Enhanced television (ETV) applications that are synched up with live programming may finally be coming to millions of already-deployed digital cable set-tops, thanks to an integration deal between Ensequence and TVWorks, the iTV joint venture of Comcast Corp. and Cox Communications.
Under the arrangement, Ensequence will integrate its "on-Q Create" iTV authoring system with the TVWorks platform, which is designed to handle apps based on the CableLabs ETV-BIF (Enhanced Television–Binary Interchange Format) specs.
The coming deployments will mark the first time that the vast majority of legacy cable systems will be able to support enhanced TV applications, according to Ensequence VP of Marketing and Strategy Aslam Khader.
That, of course, includes support for widely-deployed thin-client boxes from Motorola and Scientific Atlanta.
In the case of Motorola boxes, the TVWorks agent will run on set-top firmware, which happens to also be running portions of the GuideWorks platform. GuideWorks is a J.V. of Comcast and Gemstar-TV Guide International. The SA boxes, meanwhile, are either running the PowerTV OS/middleware or the OnRamp to OCAP implementation.
"As an application developer, you only will have to create one ETV-BIF application that will run across those systems," Khader explained.
He said trials are slated for this year, with initial deployments expected by Q2 2007. Although specific applications aren't yet being discussed, the resulting system will support traditional ETV features such as polling and voting that are "bound" to the program being broadcast.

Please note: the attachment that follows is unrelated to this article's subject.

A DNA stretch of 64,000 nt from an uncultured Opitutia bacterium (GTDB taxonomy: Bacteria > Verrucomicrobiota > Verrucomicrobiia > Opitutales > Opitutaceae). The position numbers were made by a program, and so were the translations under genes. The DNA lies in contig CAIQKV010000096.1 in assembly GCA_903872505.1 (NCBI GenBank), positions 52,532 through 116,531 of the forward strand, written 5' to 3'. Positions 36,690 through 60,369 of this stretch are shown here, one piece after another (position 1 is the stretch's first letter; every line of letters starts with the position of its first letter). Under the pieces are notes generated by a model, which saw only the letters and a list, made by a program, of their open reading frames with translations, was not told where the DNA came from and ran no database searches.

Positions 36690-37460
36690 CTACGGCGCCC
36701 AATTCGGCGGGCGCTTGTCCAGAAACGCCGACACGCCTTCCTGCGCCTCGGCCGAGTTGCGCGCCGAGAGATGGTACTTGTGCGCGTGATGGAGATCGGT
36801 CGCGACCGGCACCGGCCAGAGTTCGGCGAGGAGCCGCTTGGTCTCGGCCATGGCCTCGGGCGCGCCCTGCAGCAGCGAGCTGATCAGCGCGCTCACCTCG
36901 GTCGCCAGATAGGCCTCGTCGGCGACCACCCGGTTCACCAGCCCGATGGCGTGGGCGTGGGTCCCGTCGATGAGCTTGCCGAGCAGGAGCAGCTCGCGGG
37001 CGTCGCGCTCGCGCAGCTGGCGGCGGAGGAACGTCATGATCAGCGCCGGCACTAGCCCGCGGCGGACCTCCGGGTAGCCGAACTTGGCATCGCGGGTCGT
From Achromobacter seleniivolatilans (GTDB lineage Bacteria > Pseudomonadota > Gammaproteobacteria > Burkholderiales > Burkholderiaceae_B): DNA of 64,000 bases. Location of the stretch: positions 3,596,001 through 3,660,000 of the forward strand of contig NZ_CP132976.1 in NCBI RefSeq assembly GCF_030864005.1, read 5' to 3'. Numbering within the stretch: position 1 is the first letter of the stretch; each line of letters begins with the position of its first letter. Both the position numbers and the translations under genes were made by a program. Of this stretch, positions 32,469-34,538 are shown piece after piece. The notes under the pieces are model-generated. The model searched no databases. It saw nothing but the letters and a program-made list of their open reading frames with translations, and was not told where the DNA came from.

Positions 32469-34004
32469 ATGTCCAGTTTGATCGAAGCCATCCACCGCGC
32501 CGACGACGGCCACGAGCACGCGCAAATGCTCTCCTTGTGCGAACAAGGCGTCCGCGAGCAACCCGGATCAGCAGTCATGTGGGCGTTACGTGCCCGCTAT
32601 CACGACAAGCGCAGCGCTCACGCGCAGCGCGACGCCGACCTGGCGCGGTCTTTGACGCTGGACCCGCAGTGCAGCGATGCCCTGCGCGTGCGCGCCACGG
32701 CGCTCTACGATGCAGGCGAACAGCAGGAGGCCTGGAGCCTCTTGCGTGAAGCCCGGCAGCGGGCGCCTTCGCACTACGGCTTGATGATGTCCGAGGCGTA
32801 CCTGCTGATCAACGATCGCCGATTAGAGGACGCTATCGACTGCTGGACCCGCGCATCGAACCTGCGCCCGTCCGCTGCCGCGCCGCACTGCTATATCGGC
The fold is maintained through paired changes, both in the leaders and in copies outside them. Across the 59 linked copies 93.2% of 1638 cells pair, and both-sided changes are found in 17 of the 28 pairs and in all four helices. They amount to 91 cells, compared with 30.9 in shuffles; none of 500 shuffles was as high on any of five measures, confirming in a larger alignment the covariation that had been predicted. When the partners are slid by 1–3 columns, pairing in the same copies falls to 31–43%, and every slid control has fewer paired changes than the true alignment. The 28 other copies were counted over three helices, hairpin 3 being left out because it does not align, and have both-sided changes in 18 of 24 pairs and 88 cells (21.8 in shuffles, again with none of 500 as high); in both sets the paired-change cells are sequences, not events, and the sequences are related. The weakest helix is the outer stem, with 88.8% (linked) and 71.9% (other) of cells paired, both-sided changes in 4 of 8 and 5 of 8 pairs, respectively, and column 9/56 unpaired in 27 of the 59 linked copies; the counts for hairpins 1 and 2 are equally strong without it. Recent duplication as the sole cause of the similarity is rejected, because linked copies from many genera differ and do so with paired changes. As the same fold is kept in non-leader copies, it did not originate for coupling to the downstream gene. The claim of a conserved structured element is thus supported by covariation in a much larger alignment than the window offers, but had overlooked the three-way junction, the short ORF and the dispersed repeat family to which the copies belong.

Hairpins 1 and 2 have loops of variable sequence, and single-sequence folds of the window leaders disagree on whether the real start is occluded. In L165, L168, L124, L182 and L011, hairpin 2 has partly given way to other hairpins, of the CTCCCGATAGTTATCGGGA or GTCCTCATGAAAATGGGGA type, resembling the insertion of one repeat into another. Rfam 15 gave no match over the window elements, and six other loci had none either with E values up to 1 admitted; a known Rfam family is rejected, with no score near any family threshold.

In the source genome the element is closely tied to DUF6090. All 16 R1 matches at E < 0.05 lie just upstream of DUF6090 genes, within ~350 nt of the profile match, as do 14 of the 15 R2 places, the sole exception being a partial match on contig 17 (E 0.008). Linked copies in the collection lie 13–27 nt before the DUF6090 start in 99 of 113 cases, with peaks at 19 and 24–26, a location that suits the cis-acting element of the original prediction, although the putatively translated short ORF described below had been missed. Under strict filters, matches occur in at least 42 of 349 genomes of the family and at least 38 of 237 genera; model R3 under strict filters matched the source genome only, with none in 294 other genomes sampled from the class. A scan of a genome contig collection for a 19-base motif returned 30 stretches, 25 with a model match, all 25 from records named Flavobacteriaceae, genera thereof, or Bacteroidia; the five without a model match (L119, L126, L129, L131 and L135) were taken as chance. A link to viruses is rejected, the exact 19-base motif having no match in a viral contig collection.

ETV-BIF aims to work on digital cable systems prior to the introduction of the richer OpenCable Application Platform (OCAP), a CableLabs-specified middleware that will require higher-end set-tops with more processing power.
"We all wanted OCAP to happen yesterday," Khader said. "But there are already 25 million set-tops out there with no chance of running any form of OCAP. We have to get [those pre-OCAP boxes] ready to do interactive television."
TVWorks' partnership with Ensequence is just the latest in several evolutionary steps made by the joint venture. The TVWorks J.V. acquired iTV app specialist MetaTV back in mid-2005. In January 2006, TVWorks also gained control of its middleware strategy when it put up $82 million to acquire the bulk of the assets of Liberate Technologies.
Time Warner Cable, meanwhile, is applying an iTV strategy of its own with some of its pre-OCAP boxes. For its legacy Motorola footprint, for example, the MSO has inked a deal to use middleware from OpenTV Corp.